Ultimately, if a landowner is hostile to a tree on their land, that tree’s health and survival can be imperilled, whether through illegal removal, neglect, or applications for removal based on health and safety grounds. It is therefore important that building layout and design realistically allow space for trees to flourish and be valued by landowners.
The urban forest needs protecting and enhancing. This calls for a range of policy mechanisms that work together to retain mature trees, maintain adequate spacing around them, and encourage residents to value and protect the trees around their homes.
Tree bonds provide an attractive solution for local governments in the absence of a strong land use policy framework for protecting trees.
Joe Hurley, Senior Lecturer, Sustainability and Urban Planning, RMIT University; Dave Kendal, Senior Lecturer in Environmental Management, University of Tasmania; Judy Bush, Postdoctoral Research Fellow, Clean Air and Urban Landscapes Hub, University of Melbourne, and Stephen Rowley, Lecturer in Urban Planning, RMIT University
A new global analysis of the distribution of forests and woodlands has “found” 467 million hectares of previously unreported forest – an area equivalent to 60% of the size of Australia.
The discovery increases the known amount of global forest cover by around 9%, and will significantly boost estimates of how much carbon is stored in plants worldwide.
The new forests were found by surveying “drylands” – so called because they receive much less water in precipitation than they lose through evaporation and plant transpiration. As we and our colleagues report today in the journal Science, these drylands contain 45% more forest than has been found in previous surveys.
We found new dryland forest on all inhabited continents, but mainly in sub-Saharan Africa, around the Mediterranean, central India, coastal Australia, western South America, northeastern Brazil, northern Colombia and Venezuela, and northern parts of the boreal forests in Canada and Russia. In Africa, our study has doubled the amount of known dryland forest.
With current satellite imagery and mapping techniques, it might seem amazing that these forests have stayed hidden in plain sight for so long. But this type of forest was previously difficult to measure globally, because of the relatively low density of trees.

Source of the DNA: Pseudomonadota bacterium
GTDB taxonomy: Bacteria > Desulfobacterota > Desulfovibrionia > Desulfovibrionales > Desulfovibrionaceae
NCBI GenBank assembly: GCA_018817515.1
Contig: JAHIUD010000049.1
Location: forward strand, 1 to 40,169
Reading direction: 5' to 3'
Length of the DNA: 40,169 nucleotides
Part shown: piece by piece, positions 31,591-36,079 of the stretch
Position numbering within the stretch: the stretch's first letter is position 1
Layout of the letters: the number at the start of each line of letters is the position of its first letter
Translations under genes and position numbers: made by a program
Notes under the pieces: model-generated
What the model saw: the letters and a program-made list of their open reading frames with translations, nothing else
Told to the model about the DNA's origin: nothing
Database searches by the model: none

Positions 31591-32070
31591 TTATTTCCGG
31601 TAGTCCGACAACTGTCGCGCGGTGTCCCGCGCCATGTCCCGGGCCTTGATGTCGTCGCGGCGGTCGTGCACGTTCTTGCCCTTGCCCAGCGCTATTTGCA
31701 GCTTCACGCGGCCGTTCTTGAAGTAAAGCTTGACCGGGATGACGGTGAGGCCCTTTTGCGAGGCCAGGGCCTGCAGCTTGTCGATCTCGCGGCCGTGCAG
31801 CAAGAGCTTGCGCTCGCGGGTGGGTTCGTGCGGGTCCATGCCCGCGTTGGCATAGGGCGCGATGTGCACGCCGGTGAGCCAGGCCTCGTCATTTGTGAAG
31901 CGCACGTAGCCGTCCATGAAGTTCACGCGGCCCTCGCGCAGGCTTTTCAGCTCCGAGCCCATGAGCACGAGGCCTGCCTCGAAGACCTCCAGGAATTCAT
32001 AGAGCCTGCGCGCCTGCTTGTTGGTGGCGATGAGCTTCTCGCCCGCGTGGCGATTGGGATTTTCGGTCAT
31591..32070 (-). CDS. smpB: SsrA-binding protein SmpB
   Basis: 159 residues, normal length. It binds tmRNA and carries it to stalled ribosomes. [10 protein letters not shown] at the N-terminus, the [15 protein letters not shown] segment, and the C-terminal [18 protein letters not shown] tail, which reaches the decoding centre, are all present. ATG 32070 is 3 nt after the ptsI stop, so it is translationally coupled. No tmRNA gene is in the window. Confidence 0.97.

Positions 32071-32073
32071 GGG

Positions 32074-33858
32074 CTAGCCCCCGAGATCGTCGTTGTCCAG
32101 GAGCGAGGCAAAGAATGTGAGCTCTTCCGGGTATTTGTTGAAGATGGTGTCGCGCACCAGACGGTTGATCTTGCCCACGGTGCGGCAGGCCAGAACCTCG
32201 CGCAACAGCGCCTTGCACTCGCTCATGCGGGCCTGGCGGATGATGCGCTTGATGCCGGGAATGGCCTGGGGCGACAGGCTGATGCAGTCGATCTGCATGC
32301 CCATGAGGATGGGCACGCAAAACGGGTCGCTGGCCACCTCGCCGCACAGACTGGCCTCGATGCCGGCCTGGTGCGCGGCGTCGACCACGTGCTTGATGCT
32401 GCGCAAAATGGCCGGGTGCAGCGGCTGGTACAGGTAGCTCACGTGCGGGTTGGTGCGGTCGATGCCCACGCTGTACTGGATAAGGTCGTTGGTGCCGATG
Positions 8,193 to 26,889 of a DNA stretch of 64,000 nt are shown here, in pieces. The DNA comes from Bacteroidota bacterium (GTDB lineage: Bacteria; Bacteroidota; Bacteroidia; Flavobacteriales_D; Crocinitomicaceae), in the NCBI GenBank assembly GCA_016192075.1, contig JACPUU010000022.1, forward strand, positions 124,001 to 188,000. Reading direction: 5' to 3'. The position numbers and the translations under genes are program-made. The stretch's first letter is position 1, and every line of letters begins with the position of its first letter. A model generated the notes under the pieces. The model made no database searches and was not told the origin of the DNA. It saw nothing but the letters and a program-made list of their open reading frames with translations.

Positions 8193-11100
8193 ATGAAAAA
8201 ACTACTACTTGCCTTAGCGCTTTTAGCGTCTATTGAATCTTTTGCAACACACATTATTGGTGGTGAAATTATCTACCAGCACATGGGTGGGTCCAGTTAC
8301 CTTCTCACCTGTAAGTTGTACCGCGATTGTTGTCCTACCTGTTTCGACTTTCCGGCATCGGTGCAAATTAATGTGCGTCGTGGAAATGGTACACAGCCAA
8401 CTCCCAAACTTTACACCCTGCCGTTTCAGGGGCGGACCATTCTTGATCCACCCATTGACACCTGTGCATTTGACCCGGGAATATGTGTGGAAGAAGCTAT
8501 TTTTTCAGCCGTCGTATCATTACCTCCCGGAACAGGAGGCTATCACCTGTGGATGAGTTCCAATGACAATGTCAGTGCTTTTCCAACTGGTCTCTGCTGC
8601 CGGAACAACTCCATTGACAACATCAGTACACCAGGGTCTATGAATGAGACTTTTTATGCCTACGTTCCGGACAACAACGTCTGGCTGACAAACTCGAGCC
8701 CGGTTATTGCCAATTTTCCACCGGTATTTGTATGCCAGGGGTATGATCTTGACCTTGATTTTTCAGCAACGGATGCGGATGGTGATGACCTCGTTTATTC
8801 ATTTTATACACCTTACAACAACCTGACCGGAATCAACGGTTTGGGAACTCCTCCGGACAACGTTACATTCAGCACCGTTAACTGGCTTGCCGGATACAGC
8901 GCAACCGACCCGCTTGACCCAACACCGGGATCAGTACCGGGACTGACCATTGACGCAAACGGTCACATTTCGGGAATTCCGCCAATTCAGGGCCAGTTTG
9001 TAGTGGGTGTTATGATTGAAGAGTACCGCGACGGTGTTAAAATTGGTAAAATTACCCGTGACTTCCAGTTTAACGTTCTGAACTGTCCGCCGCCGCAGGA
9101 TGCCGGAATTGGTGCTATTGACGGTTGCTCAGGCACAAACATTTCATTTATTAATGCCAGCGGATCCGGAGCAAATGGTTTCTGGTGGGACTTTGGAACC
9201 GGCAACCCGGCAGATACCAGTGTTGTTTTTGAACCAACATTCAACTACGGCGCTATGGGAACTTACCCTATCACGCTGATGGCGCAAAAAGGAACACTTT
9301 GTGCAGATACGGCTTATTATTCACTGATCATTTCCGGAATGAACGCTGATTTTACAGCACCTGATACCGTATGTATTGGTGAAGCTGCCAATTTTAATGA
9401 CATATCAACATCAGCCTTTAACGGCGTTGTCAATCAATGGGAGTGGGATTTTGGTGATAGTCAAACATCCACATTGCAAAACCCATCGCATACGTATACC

What’s more, previous surveys were based on older, low-resolution satellite images that did not include ground validation. In contrast, our study used higher-resolution satellite imagery available through Google Earth Engine – including images of more than 210,000 dryland sites – and used a simple visual interpretation of tree number and density. A sample of these sites were compared with field information to assess accuracy.
Given that drylands – which make up about 40% of Earth’s land surface – have more capacity to support trees and forest than we previously realised, we have a unique chance to combat climate change by conserving these previously unappreciated forests.
Drylands contain some of the most threatened, yet disregarded, ecosystems, many of which face pressure from climate change and human activity. Climate change will cause many of these regions to become hotter and even drier, while human expansion could degrade these landscapes yet further. Climate models suggest that dryland biomes could expand by 11-23% by the end of the this century, meaning they could cover more than half of Earth’s land surface.
Considering the potential of dryland forests to stave off desertification and to fight climate change by storing carbon, it will be crucial to keep monitoring the health of these forests, now that we know they are there.
The discovery will dramatically improve the accuracy of models used to calculate how much carbon is stored in Earth’s landscapes. This in turn will help calculate the carbon budgets by which countries can measure their progress towards the targets set out in the Kyoto Protocol and its successor, the Paris Agreement.
Our study increases the estimates of total global forest carbon stocks by anywhere between 15 gigatonnes and 158 gigatonnes of carbon – an increase of between 2% and 20%.